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Adverbs Are of the Devil

Adverbs Are of the Devil

Yes, I confess to my own part in the misconception that good writing is full of them. I did once *gasp* encourage students to slather their poetry with adjectives and adverbs, but I do have a defense: You know how you've read that Picasso had to be able to paint realistic scenes in order to hone the skills that allowed him to create his own masterful style? Well, while beginning writers are learning to choose the exact right noun or verb, adjectives and adverbs help create the images that bring life to the page.

Stephen King says in On Writing (y'all know how I love that book): "I believe the road to hell is paved with adverbs, and I will shout it from the rooftops. . . they're like dandelions. If you have one on our lawn, it looks pretty and unique. If you fail to root it out, however, you find five the next day . . . fifty the day after that . . ."

It's no accident that Hollywood uses the term "wrylies" (as in "he said wryly") to criticize overuse of parentheticals in screenplays. If you're doing your job with dialogue, your readers will know the tone of the lines without adverbs or parentheticals to guide them.

"But I like adverbs!" she shouted defiantly. (Bad.)
"Fine," he said. "You may continue to show your ignorance on hundreds of pages of adverb-filled prose." (Good.)

One of the best tips I ever heard was from a woman at a B'ham SCBWI meeting who told me, when we were discussing adverbs at a cocktail dessert party (ah, the social skills of writers) to run an "ly" search on my manuscript after I thought I'd rid my novel of adverbs. I was shocked at how many were still there! Did I delete all of them? Of course not! But I made freakin' sure they were all really, totally, completely, undeniably, indisputably needed. (Yes, those adverbs were intentional. I was just havin' a little fun.) Thank you, nice blonde-haired lady. I wish I knew your name to give you credit. If you're reading this . . .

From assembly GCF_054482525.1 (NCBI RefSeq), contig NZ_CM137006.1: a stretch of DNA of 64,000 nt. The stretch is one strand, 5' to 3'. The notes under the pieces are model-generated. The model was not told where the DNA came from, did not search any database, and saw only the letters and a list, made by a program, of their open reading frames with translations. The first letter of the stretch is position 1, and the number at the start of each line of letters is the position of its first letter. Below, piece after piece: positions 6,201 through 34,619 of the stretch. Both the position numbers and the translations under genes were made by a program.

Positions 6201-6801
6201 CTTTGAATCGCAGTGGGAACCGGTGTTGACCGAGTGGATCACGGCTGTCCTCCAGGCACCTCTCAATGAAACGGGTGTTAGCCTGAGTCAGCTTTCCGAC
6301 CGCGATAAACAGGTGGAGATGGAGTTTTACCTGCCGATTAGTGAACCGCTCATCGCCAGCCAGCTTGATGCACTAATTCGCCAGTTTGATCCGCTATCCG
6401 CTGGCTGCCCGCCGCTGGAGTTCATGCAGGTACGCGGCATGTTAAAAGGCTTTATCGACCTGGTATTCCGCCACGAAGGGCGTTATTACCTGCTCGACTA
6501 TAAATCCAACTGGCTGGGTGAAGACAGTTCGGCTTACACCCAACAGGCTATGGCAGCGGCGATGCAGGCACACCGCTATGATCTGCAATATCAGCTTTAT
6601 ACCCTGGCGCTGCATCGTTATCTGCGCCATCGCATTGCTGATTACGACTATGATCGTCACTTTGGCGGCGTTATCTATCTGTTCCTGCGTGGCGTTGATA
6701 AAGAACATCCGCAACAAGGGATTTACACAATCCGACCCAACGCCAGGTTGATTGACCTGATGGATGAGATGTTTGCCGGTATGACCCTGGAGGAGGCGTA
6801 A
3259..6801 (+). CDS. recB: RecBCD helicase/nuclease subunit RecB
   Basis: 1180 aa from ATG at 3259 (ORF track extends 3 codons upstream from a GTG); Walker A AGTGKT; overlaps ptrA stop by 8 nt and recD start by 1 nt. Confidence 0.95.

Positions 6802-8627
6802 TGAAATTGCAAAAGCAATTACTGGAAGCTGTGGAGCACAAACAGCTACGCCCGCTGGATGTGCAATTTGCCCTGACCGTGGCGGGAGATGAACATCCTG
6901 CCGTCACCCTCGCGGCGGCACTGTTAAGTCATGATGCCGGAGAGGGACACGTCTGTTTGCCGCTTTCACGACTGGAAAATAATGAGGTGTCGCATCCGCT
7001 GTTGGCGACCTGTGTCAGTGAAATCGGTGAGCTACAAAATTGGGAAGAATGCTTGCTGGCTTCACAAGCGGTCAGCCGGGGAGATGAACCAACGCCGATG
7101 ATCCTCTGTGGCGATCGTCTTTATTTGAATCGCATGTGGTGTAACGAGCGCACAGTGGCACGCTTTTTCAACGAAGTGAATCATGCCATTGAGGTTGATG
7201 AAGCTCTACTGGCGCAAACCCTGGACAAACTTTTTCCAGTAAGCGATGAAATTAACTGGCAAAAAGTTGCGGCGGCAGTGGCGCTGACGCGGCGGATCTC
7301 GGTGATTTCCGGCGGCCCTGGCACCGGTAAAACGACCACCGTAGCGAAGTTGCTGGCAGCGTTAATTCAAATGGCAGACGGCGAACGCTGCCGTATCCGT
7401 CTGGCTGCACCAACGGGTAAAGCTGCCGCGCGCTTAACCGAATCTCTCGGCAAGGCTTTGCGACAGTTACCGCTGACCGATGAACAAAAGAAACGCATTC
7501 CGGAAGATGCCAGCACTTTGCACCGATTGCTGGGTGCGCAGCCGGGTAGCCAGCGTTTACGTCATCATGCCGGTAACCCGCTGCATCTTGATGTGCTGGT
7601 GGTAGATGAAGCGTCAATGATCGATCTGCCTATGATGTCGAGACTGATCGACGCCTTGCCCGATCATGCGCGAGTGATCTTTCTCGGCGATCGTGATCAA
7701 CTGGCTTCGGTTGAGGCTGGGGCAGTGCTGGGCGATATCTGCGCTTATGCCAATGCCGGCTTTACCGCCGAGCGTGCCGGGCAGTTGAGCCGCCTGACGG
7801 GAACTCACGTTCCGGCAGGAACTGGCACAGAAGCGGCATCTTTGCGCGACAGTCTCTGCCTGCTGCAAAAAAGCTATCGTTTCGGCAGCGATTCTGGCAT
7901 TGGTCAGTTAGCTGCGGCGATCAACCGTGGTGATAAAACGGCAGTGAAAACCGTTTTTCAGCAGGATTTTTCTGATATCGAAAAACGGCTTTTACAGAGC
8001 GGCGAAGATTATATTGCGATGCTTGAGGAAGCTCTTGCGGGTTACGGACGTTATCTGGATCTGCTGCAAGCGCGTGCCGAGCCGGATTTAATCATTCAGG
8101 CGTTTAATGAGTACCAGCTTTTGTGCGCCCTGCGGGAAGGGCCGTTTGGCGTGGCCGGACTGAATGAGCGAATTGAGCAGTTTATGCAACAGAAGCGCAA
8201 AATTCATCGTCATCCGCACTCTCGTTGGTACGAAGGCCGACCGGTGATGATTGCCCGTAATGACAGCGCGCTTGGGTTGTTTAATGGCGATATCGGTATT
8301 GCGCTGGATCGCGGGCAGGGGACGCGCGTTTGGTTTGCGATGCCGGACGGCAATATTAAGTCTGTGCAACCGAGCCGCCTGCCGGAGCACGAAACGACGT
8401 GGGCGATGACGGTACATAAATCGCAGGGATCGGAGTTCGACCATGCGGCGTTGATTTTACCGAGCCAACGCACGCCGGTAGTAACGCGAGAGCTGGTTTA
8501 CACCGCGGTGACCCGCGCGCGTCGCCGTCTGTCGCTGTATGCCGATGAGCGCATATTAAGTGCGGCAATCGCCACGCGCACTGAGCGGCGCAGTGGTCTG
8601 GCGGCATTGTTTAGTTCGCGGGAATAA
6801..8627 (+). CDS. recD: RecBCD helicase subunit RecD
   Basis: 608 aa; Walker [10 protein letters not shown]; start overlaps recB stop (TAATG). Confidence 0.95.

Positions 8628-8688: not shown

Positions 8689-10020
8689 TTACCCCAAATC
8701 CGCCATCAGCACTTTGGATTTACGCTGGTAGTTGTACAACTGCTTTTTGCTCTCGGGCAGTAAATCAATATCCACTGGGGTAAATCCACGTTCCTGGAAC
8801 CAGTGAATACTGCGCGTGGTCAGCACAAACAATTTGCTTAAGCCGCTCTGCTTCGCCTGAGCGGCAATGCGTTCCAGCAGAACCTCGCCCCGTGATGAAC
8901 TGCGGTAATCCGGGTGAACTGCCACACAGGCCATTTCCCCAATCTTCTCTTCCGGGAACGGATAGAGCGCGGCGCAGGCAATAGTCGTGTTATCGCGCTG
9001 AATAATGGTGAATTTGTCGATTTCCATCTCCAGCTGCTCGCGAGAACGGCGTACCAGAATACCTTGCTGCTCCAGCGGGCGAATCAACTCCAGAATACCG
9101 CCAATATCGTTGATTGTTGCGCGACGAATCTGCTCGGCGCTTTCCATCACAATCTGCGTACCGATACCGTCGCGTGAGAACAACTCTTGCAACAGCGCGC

*Note: Two years after I wrote this (and five years after it happened,) I actually recognized the nice blonde-haired lady at another SCBWI conference and told her how helpful her adverb tip had been. So now I can appropriately thank Cathi O'Tyson for her great advice and for being a new writer friend; we can't have too many of those!

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Posted in 2010


Write it Down; Don’t Write it Right

We spend SO much time thinking about writing, planning to write, dreaming about writing, wishing we could write, making lists for writing, taking notes for writing. See a pattern here? Why do we hesitate? Because we're terrified. We're terrified it won't be any good. This is silly.

OF COURSE IT WON'T BE ANY GOOD! Have you ever seen a first draft of Cormac McCarthy or Michael Chabon? Do you really think Sherman Alexie jots down the first thing that comes to mind each morning on a Krispy Kreme napkin and hands it off to his publisher? Dylan Thomas' "Fern Hill" is one of my favorite poems; he wrote over 200 drafts before he completed it.

Anne Lamott devotes an entire chapter in Bird by Bird to Shitty First Drafts. You should read it. Thinking that you should automatically be a great writer because you know how to type is about as dumb as thinking you should be a Olympic medalist because you know how to run or swim. So it won't be perfect. You gotta start somewhere. Write it down; don't worry about writing it right.

Relax. Have fun with it! Go a little crazy - cause NO ONE IS GOING TO SEE IT. There's nothing more satisfying than unleashing your creativity. Don't sit down to write a book. And don't write about the boring day you had yesterday. Just write down a funny or weird story someone else told you once (it's easier to start with something not-so-personal) and change it up a little bit. Make it your own by tweaking the events and inventing dialogue and creating a character to whom the story happens.

Do it today. No excuses, anyone can spare half an hour. Okay, do it this week, or in the next two weeks, I can wait. And let me know how it goes.

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Posted in 2010

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